The tests use a nasal swab to detect virus proteins and can return results within 30 minutes.
In a statement, national health body la Haute Autorité de Santé (HAS) has said it is in favour of the tests being given to people who already have Covid-19 symptoms.
The statement, released on September 25, states that the HAS is “in favour of their deployment and reimbursement [by social security] as a diagnostic for symptomatic patients”.
Government spokesperson Gabriel Attal told news source France Inter that five million of the tests would be available in France “from October”. An exact date has not yet been confirmed by the government or health authorities.
Rapid tests to help ease burden on French system
In France 1.3 million Covid-19 tests are currently being done each week. However, there have been criticisms over long wait times for test results, with some people waiting up to 12 days after a test to find out if they are infected with the virus.
It is hoped that rapid antigen tests will help speed up the testing process in France, and will be used as an initial screening measure.
The HAS says: “These tests can be done in medical laboratories, but can also be done outside laboratories (in pharmacies, doctors’ offices, etc.)”
Rapid antigen tests are less sensitive than other testing methods currently used in France, which is one of the main reasons that their use is recommended only on symptomatic patients. However, the HAS writes: “the loss in sensitivity can be compensated for by their impact on waiting times – results being given on the day of testing – and, as such, on the circulation on the virus throughout the population.”
The HAS has also specified minimum sensitivity levels for tests to be used in France. It said that tests must have a sensitivity rate of 80% or higher, to reduce the possibility of false negatives; and a clinical specificity rate of 99% to ensure that the virus being detected is Covid-19. This is in line with recommendations from the World Health Organisation.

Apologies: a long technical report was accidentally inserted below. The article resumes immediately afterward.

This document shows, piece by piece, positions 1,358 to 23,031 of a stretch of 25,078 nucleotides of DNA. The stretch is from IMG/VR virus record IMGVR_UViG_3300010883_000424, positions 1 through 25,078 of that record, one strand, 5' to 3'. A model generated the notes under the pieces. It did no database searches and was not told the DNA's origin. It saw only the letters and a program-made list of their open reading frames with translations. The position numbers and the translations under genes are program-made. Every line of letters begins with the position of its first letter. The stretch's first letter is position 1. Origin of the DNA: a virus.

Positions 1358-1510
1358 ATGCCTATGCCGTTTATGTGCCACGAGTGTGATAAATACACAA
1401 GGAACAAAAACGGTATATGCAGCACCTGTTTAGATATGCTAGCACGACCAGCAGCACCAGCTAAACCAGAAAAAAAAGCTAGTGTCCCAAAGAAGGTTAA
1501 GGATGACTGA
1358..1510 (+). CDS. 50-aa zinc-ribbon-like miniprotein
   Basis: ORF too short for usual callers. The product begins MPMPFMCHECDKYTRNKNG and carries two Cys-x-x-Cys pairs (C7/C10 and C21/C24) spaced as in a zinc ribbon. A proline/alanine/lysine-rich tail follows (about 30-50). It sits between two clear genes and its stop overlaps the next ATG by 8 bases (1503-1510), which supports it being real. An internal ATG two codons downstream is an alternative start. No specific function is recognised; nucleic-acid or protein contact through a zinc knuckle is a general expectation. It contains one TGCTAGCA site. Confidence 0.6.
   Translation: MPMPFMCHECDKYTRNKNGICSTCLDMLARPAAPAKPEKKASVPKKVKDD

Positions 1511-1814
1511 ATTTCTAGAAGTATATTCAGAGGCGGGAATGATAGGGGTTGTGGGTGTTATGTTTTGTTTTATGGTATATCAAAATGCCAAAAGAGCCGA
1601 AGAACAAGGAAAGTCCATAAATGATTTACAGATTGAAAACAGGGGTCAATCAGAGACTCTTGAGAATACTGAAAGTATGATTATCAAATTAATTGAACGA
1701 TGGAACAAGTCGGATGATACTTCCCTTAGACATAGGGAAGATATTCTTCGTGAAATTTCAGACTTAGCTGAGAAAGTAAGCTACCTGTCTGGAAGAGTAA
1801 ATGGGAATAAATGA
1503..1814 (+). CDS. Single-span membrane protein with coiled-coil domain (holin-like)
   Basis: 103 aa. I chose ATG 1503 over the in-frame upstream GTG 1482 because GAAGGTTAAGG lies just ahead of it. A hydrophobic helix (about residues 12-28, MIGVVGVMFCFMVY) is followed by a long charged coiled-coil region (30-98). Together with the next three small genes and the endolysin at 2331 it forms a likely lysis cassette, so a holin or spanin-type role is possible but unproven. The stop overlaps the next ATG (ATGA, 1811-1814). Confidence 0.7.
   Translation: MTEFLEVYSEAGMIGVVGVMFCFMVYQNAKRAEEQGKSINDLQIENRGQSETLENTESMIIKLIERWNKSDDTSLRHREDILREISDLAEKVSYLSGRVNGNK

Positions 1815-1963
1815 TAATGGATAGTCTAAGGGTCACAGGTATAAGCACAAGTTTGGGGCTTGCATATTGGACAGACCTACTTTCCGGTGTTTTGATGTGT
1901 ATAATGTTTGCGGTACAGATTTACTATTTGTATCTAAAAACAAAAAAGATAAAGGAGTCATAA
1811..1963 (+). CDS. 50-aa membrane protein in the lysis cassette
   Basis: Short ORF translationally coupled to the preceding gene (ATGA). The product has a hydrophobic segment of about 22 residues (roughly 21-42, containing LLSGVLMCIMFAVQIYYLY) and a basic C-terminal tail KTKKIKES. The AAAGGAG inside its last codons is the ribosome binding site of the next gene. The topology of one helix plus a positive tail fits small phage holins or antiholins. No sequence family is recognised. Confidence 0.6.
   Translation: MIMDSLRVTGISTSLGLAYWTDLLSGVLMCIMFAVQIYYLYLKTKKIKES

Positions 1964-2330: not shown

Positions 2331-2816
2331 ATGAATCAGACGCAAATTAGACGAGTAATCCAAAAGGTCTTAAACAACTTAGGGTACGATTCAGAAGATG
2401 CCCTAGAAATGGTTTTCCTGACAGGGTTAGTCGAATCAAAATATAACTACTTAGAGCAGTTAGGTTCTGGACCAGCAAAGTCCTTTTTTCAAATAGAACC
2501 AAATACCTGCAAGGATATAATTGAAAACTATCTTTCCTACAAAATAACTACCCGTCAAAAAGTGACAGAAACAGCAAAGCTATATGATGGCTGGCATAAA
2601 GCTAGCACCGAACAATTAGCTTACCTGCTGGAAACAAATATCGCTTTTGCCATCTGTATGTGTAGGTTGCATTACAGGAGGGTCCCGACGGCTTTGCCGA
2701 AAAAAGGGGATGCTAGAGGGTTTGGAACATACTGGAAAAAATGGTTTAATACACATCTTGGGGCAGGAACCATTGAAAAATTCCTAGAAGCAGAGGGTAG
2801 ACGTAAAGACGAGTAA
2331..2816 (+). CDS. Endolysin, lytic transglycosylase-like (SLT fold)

The HAS says that rapid antigen tests should be taken within seven days of the first Covid symptoms appearing.
Tests not for people without symptoms – yet
The HAS has not approved use of rapid antigen tests for people without symptoms, including people travelling abroad; or for collective contact tracing in school groups, businesses or in elderly care homes.
Studies are still being undertaken to assess whether rapid antigen tests are an effective testing method for these groups.
The HAS is expected to give an opinion next week on whether rapid antigen tests could also be made available to people without symptoms.
In the meantime, PCR and blood tests will still be available to those with and without symptoms in France – with new PCR tests that use throat swabs, instead of nasal swabs – available from now on.
Source : The Connexion